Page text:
Agreement 'stabilizes' Fatima's future
Agreement 'stabilizes' Fatima's future
NORTH PROVIDENCE - A tax stabilization agreement with the potential new joint venture owner of Our Lady of Fatima Hospital is one of the final steps in securing the community hospital's future, say town officials.
The North Providence Town Council was set to hear public testimony and consider an ordinance on Tuesday that would make the purchase of CharterCare Health Partners by the for-profit Prospect Medical Holdings more palatable.
The proposal for a 10-year stabilization agreement calls for $540,000 in taxes for the first year of the agreement, the same amount the town was receiving from the state as an annual payment in lieu of taxes.
That $540,000 would go up to $567,000 in year two and then to $594,000, $621,000, $648,000, $675,000, $702,000, $729,000, $756,000 and $783,000 in years three through 10.
Town Council President Kristen Catanzaro said the stabilization agreement comes after more than a year of "tough negotiations" between the council and Prospect CharterCare. She and fellow District 3 Councilor Dino Autiello played a role in "coming up with a better agreement" than when they started talks in 2013, she said.
While Prospect CharterCare officials had sought a payment plan calling for about $500,000 a year to go to the town in each of the 10 years, she fought for a 5 percent yearly increase that will bring that total revenue to $783,000 by year 10, said Catanzaro.
Another win for taxpayers relates to Prospect's plan to invest $90 million into Fatima and sister hospital Roger Williams Medical Center in Providence within four years of its affiliation with CharterCare, said the council president.
"We appreciate that North Providence is openly considering an ongoing partnership with our health system, which provides close to 3,000 jobs and more than $25 million of charitable medical care each year," said Otis Brown, spokesman for the hospital. "The pending ordinance reflects months of open and good faith discussion, and represents our willingness to do what we can to support vital municipal services while we complete our financial turnaround under the new joint venture.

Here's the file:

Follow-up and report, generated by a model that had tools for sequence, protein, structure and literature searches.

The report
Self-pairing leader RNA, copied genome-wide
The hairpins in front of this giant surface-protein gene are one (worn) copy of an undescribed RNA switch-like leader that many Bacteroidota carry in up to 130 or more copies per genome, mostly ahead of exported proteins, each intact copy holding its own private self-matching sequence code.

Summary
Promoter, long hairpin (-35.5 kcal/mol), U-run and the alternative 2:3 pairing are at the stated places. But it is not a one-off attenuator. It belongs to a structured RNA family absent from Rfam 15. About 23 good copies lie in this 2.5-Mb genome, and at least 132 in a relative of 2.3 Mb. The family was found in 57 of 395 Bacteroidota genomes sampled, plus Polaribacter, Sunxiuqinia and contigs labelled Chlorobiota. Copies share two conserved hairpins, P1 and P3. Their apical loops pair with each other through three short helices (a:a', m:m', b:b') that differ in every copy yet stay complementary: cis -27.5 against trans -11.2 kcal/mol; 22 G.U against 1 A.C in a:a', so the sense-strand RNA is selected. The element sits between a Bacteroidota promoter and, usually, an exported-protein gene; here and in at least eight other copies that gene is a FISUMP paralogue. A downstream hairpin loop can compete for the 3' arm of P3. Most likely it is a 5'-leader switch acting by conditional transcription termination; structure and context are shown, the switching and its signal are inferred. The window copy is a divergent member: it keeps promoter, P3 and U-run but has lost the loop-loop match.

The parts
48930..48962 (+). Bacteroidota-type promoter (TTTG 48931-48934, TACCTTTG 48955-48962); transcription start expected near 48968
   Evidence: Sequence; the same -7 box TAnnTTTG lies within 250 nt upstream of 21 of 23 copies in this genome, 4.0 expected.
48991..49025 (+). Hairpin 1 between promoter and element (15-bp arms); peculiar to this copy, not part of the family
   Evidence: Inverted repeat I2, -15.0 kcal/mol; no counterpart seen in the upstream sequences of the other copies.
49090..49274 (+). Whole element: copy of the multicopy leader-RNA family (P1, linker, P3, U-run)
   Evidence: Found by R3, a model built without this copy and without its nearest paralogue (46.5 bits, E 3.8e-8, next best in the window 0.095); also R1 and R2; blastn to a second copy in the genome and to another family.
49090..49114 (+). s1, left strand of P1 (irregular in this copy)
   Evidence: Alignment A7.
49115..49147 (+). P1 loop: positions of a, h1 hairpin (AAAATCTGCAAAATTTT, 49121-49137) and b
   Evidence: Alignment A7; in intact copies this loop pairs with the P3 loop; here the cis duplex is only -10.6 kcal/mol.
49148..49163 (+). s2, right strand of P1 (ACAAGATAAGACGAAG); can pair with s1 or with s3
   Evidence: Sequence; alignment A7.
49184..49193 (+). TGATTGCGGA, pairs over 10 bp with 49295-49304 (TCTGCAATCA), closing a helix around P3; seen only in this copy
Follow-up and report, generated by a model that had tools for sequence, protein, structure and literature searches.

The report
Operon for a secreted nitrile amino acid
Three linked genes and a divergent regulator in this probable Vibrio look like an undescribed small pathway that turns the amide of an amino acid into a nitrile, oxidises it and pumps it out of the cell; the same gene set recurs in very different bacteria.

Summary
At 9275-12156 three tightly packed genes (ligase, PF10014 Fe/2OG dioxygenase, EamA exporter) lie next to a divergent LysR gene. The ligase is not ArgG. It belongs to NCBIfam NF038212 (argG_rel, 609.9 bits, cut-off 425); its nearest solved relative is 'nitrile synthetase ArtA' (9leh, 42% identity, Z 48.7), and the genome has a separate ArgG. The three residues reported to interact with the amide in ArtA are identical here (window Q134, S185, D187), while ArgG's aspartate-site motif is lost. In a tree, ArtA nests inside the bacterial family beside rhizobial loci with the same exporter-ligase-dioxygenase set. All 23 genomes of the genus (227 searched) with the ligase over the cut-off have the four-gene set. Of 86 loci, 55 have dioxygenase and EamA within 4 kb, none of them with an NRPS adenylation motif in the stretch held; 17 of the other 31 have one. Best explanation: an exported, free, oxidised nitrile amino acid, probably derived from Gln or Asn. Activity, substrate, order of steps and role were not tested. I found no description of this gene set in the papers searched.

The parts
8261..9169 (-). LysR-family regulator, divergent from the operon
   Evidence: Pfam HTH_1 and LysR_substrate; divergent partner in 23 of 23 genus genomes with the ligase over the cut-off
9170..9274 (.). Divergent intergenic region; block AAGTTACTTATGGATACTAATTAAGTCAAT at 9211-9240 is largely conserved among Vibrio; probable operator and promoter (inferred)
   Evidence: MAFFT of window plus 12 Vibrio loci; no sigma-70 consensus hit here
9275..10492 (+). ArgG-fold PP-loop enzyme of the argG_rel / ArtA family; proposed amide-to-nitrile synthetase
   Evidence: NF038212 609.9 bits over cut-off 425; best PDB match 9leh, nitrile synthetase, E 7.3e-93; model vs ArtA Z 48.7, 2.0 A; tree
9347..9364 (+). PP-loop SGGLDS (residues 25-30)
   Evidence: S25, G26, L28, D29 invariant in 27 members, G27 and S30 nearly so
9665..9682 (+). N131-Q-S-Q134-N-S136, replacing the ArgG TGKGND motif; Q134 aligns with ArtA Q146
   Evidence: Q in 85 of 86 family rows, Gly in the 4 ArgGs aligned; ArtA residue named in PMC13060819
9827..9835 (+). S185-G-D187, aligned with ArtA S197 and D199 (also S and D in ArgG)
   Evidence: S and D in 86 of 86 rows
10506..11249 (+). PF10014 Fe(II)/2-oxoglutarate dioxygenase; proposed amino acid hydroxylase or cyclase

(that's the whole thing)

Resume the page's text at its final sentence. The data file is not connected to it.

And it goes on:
"We are committed to preserving Our Lady of Fatima Hospital as a critical component of the Rhode Island health care safety net and continuing to provide high-quality, affordable medical services, including emergency care, to residents of North Providence."
While representatives for Prospect CharterCare and attorney Mark Russo had sought a 10-year tax break on planned technology upgrades at Fatima, town officials negotiated to start taxing the equipment in year five, at 10 percent. That amount will go up 10 percent a year until it's at 60 percent in year 10, according to the agreement.
The Office of the Attorney General and Department of Health gave final approval last month to the affiliation, contingent on a number of conditions.
CharterCare will be required to make an effort at ensuring that goods and services purchased for Prospect CharterCare's operations are purchased from town vendors, states the stabilization agreement. The health care entity will be required to establish a protocol with the town to post all job opportunities and create a database for North Providence residents to apply for the jobs.
Mayor Charles Lombardi said he is happy with the final tax stabilization agreement.
"Our position right from the beginning was that we didn't get foolish and make it more difficult for this to happen," he said.
Fatima Hospital plays a vital role in North Providence for business, jobs, and public safety, said Lombardi, and this agreement is the next step in keeping the community hospital healthy.
Part of the reason negotiations have taken so long is that North Providence officials wanted to make sure the town was getting something comparable to what Providence would get for Roger Williams Medical Center, said Catanzaro.
Catanzaro thanked North Providence Rep. William O'Brien, a man she said played a major role in discussions and "was very important to the agreement" getting done.